1-3 There is evidence that previous HBV infection, marked only by the presence of antibodies to HBV—notably hepatitis B core antibody
(anti-HBc) with or without hepatitis B surface antibody (anti-HBs)—may also indicate persistent 5-Fluoracil in vitro HBV infection. Previous HBV infection has also been linked with progressive liver disease, particularly as a cofactor among patients with another form of underlying liver disease such as chronic hepatitis C or alcoholic liver disease. Prior studies have shown that the prevalence of occult HBV infection is higher in countries where HBV infection is prevalent, in patients with serological markers of previous HBV infection, and in patients who
have risk factors for HBV INCB018424 in vivo infection such as those with human immunodeficiency virus or hepatitis C virus (HCV) infection. What remains uncertain is the clinical significance of low-level, persistent HBV infection, especially among patients with another cause of liver disease. Several studies, mostly from Europe and Japan, have found a higher rate of occult HBV infection in patients with chronic HCV infection who have HCC compared with HCV-infected patients with no HCC.1-4 In some of these studies, the prevalence of occult HBV infection in HCV patients with HCC was as high as 60%-70%.2-4 However, data on the prevalence of occult HBV infection in HCV patients and the contribution of occult HBV to HCC in the United States are mafosfamide limited. The Hepatitis C Antiviral Long-term Treatment against Cirrhosis (HALT-C) Trial prospectively followed patients with chronic HCV infection and advanced hepatic fibrosis for clinical outcomes including HCC. All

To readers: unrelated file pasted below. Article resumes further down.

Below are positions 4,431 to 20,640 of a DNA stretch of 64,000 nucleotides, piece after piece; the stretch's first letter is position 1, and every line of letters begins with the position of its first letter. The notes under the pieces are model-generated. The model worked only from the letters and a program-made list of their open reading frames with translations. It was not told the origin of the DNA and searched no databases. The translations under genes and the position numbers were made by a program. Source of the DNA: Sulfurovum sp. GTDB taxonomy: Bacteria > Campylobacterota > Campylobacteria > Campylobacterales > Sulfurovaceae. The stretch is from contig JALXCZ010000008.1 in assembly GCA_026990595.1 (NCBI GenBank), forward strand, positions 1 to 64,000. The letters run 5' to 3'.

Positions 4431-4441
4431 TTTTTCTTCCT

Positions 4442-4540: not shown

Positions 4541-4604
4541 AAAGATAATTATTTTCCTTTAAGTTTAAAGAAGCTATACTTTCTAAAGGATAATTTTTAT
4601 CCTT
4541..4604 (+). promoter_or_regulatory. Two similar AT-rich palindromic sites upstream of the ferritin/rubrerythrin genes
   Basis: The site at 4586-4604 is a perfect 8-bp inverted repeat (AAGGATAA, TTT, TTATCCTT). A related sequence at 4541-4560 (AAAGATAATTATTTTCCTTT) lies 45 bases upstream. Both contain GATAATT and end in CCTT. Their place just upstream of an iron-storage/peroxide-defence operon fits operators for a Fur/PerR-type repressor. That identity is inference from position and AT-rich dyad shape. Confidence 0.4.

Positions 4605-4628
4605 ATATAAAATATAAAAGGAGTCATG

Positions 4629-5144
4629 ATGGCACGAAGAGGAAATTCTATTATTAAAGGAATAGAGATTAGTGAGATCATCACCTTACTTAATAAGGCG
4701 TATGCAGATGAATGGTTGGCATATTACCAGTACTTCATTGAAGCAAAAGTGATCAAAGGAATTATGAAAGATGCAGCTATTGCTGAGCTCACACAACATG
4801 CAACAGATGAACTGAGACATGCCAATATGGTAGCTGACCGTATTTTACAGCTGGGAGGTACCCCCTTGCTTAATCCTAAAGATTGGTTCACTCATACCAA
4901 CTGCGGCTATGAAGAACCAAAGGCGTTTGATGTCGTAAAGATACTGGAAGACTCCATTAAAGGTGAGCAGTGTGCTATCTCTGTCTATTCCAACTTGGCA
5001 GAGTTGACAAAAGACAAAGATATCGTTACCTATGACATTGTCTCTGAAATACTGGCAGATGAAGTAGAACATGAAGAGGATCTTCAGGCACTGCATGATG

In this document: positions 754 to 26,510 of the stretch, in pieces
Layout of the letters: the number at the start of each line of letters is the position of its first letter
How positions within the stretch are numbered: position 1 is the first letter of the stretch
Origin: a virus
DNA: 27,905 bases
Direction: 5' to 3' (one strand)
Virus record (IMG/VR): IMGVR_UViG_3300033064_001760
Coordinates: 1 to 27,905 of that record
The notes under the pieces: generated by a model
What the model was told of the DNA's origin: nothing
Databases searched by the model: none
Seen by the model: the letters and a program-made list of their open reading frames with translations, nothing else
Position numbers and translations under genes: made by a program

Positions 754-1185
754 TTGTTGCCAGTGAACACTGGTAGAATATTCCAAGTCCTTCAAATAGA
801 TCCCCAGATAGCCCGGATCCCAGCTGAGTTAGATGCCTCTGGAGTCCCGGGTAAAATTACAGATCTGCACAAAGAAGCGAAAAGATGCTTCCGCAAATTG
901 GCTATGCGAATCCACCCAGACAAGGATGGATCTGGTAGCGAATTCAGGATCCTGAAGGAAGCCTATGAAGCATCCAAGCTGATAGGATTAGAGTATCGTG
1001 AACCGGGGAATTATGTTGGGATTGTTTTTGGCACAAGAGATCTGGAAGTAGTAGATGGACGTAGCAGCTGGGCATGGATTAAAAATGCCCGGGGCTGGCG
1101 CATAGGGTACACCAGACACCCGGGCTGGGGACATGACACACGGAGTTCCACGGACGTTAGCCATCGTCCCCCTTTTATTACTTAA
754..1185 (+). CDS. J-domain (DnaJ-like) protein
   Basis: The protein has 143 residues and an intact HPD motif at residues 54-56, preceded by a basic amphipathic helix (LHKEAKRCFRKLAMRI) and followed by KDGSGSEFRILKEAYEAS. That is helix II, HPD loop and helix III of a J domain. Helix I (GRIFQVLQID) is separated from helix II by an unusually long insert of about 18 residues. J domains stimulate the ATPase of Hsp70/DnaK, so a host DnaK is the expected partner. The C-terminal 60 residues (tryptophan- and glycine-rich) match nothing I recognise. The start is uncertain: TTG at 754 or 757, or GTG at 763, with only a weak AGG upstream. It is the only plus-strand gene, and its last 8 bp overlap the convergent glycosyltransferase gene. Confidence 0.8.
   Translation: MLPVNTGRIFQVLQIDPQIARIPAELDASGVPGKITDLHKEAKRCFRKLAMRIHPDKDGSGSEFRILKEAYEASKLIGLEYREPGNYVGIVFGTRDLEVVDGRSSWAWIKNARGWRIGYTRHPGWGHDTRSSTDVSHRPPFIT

the patients tested negative for HBsAg in the serum at enrollment. This large cohort provides an excellent opportunity to study the clinical significance of previous or occult HBV infection in patients with chronic HCV infection in the United States. The aims of this analysis were to compare the prevalence of previous and occult HBV infection in HALT-C patients who developed HCC and those who did not develop HCC. In addition, we assessed the demographics, risk factors for HCV infection, and laboratory and histological indicators of liver disease in HALT-C patients with and without previous and occult HBV infection. AFP, alpha-fetoprotein; anti-HBc, hepatitis B core antibody; anti-HBs, hepatitis B surface antibody; CI, confidence interval; HALT-C, Hepatitis C Antiviral Long-term Treatment against Cirrhosis; HBsAg, hepatitis B surface antigen; HBV, hepatitis B virus; HCC, hepatocellular carcinoma; HCV, hepatitis C virus; OR, odds ratio; PCR, polymerase chain reaction. The design of the HALT-C Trial has been described.